Allawi's a Shi'ite.  Deputy Prime Minister Saleh al-Mutlaq, also a member of Iraqiya, is a Sunni.  Iraqiya won despite all the odds because it spoke to a larger mood in Iraq -- as demonstrated the year before in the 2009 provincial elections -- to have a national identity.  The damage done can't be measured but the White House made one of the biggest mistakes when they refused to honor the will of the Iraqi people and instead rewarded Nouri and backed him in the 8 month political stalemate he created from March 2010 to November 2010. 

When puppets are put in place, they don't win popularity.  They may stay in power through support of other countries and through attacks on the people but their day of reckoning does come.  I never bought the idea that Barack was a Constitutional genius (as his answer re: Loving v. Virginia demonstrated, he didn't rack up many courtroom hours and wasn't well versed in the law -- if you're late to the party, refer to Ava and my "TV: The Surreal Life stages a comeback!") but I would never have thought he could be so historically ignorant.  (Or possibly, since Samantha Power was insistent that Barack stay, so historically unsure and willing to doubt his own knowledge base in the face of the raving Power.)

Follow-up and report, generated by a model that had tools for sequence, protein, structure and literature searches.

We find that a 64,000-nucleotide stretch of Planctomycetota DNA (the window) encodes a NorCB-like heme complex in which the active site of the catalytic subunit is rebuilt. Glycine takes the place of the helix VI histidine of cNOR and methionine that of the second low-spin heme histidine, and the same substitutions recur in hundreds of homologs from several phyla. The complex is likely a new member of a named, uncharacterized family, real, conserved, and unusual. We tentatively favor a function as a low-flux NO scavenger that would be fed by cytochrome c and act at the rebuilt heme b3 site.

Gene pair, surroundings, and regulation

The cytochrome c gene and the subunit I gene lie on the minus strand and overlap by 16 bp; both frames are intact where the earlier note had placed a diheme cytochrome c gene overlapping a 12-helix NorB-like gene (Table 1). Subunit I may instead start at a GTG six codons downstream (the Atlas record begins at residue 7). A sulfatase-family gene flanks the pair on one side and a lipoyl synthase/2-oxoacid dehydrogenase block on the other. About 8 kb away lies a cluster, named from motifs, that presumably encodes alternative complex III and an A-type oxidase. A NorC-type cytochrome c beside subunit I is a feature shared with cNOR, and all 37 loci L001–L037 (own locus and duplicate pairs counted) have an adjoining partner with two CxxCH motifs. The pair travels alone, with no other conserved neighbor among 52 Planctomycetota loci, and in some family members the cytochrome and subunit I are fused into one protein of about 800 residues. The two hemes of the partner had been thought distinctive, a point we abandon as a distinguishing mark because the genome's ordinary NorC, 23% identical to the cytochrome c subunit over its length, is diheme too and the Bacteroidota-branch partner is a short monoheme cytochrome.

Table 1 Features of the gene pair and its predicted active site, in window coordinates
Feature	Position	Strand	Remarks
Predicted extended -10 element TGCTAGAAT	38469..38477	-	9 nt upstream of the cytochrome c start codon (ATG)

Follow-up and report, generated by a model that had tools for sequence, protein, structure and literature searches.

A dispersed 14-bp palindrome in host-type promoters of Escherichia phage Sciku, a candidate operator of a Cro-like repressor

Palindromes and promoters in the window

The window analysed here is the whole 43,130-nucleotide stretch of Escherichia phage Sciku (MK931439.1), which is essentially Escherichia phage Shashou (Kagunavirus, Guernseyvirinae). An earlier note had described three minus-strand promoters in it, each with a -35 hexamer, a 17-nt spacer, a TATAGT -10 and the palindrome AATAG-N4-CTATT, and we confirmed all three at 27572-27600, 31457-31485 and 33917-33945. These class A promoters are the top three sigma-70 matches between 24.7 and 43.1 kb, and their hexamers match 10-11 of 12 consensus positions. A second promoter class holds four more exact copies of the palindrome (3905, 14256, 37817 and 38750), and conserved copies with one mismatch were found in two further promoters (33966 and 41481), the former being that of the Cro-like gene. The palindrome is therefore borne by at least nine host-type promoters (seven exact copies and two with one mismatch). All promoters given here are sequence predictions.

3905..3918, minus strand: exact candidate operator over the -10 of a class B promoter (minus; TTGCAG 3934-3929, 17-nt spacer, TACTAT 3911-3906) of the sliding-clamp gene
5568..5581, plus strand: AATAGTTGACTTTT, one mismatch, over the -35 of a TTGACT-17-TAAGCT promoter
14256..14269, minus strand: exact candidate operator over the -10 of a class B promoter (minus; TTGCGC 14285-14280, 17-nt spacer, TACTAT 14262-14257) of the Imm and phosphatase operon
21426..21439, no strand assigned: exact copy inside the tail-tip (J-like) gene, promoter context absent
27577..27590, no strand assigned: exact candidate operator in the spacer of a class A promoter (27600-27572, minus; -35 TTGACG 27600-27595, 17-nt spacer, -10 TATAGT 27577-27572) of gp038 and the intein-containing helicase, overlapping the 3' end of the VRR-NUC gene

Colonialism -- from the stories he told about his grandfather (stories now revealed to be false by David Maraniss' Barack Obama: The Story)  -- was something he was supposed to be very familiar with.  Colonialism quite often ends with violence  -- the US colonies rebelling against British rule being the example Americans should be most familiar with.  So what's going on would likely have happened no matter when the US pulled out.  (Here, our position was a full withdrawal immediately.  That's still not happened with contractors, CIA, Special-Ops and various Marines guarding the US diplomatic staff.) 

Alpert also quotes Max Boot who states, "It's not out of control yet, but it's certainly moving in a dangerous direction.  The U.S. is basically AWOL."  We're don't hesitate to call out Max Boot -- check the archives.  But he's correct and if the White House is uncomfortable with that truth, then Barack can stop campaigning long enough to nominate a qualified person to be the US Ambassador in Iraq.   If Phyllis writes about Iraq today, we'll note it and we'll do the same on across-the-aisle Max Boot.

All Iraq News reports that MP Hussein Almrobei (he's with the National Alliance)  has declared that the security situation in Iraq has deteroriated ever since the political crisis started.

The political crisis is the struggle for Iraq's future.  Will one person (Nouri) determine the path or will Iraq be a shared vision?